Also, and god help you if you can figure it out, there is SELinux. I don't know if it is ported to OS X or not, but it should give you the necessary tools. I believe there is a way to configure it to only be configurable by root itself, not via sudo.
posted by gjc at 4:53 PM on May 24, 2013

Response by poster: The scoping situation for systems on our LAN is actually pretty good. It's mildly complicated because a sizeable portion of our entire product does credit card processing (I probably didn't mention we're a level 1 service provider, did I? Well, we're a level 1 service provider) but we've got all of our desktops and mobile devices, with the exception of production sysadmins' workstations, out of scope.

Since we're a service provider and so much of our product is directly in-scope, it's not uncommon for my sysadmins to spend entire days working on nothing but in-scope systems, so their comfort is a priority!

And the sysadmin workstations in the office are straightforward. The only complication I have now is that my sysadmins occasionally have to reach systems in the CDE while on-call so I had to figure out what to do about requirement 1.4, but realizing that "admin access on everyday-work workstation" and "admin access on on-call laptop" are not the same thing and that I can solve this by sending people home with a computer that our desktop support people, but not sysadmins, maintain.
posted by mendel at 6:43 PM on May 24, 2013

There's still a difference between admin access to the local machine and admin access to the remote machine. Admin access to the local machine is not required, usually. You log in as jdoe, and then you ssh into the in-scope server as jdoe, and then you sudo everything, or su into jdoe-admin on the remote server. In all cases, transmitting logs to a remote system can be a mitigating control.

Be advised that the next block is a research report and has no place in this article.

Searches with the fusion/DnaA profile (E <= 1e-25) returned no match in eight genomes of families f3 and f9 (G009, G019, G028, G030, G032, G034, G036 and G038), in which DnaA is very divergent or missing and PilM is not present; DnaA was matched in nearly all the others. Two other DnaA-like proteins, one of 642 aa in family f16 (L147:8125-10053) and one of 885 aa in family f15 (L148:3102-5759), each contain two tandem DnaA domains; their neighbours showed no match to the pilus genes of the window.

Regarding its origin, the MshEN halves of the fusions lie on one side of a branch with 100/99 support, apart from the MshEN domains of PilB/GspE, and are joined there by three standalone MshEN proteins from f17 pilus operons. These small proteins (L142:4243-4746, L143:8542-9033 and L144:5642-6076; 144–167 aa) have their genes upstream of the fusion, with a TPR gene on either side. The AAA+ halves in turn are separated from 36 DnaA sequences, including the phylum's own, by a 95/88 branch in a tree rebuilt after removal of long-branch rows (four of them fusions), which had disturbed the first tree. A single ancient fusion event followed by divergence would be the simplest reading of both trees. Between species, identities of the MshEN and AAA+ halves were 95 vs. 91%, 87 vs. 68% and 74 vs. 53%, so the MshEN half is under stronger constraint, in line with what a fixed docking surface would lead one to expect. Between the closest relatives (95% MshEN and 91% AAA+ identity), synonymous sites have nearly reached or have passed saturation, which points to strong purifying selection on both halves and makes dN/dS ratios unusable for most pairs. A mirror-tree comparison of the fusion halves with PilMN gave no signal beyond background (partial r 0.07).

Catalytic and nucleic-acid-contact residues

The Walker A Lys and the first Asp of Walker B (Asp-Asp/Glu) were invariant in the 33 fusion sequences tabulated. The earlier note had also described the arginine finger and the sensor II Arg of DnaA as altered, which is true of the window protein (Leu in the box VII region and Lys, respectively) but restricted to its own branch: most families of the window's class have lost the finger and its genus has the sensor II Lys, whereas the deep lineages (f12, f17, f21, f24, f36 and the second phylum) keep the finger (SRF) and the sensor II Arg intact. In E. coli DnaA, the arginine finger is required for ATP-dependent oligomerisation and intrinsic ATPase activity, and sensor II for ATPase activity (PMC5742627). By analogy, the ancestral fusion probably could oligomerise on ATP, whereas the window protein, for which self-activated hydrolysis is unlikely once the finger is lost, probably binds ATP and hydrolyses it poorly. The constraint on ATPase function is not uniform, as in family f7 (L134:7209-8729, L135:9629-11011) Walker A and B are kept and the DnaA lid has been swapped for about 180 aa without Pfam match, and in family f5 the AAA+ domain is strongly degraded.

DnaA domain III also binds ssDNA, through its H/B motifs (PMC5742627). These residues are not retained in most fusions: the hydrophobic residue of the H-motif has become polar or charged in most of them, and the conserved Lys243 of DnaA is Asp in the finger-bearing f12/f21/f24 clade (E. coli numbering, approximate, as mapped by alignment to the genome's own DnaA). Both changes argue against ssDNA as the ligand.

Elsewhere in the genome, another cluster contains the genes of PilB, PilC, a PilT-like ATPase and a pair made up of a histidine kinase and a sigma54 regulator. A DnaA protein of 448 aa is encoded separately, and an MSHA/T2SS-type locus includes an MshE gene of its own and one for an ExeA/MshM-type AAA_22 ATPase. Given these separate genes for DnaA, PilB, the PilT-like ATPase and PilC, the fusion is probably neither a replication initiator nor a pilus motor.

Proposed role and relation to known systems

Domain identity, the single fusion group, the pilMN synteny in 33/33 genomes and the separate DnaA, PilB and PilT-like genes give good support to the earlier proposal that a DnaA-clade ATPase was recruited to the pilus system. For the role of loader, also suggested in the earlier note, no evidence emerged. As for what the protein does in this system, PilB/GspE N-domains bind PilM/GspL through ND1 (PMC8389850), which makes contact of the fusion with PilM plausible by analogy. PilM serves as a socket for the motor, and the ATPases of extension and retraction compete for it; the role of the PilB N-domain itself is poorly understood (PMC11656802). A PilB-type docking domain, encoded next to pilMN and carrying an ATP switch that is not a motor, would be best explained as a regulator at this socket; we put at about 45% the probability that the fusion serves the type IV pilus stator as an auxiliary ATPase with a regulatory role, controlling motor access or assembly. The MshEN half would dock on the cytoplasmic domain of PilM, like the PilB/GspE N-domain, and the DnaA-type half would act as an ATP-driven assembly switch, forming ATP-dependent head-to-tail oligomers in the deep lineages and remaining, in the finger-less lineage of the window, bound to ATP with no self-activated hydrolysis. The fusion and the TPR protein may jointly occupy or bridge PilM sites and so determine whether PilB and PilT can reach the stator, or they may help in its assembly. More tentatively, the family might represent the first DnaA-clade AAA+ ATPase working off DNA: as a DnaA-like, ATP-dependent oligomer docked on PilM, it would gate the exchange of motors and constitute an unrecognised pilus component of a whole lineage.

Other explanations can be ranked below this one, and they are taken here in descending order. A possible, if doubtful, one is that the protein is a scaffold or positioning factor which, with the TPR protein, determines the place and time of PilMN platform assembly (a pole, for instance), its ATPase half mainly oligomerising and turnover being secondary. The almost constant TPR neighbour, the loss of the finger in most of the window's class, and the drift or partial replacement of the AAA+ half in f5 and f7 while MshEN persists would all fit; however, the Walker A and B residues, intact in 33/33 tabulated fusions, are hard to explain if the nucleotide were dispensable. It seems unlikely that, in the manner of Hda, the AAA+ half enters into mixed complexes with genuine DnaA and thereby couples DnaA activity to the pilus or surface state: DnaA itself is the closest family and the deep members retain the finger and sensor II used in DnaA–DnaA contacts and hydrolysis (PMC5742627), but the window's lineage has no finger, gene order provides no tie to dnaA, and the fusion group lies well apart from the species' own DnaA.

posted by TheNewWazoo at 8:27 PM on May 24, 2013

One thing I used to do in my old sysadmin days and was recommended to me by a old school wizard is use Tripwire with change logs written to a printer that was not physically accessible to all staff (including some admins and other IT staff). The paper trail the printer leaves is a hard copy of server changes that Tripwire logs. Someone malicious would have to have physical access to both the server and the printer's output — and even finding the printed record destroyed is quick evidence of a security problem. It isn't foolproof — nothing is — but when designed properly, this kind of procedure (separating administration from reporting) can make auditing and security requirements easier to meet.
posted by Blazecock Pileon at 11:49 PM on May 24, 2013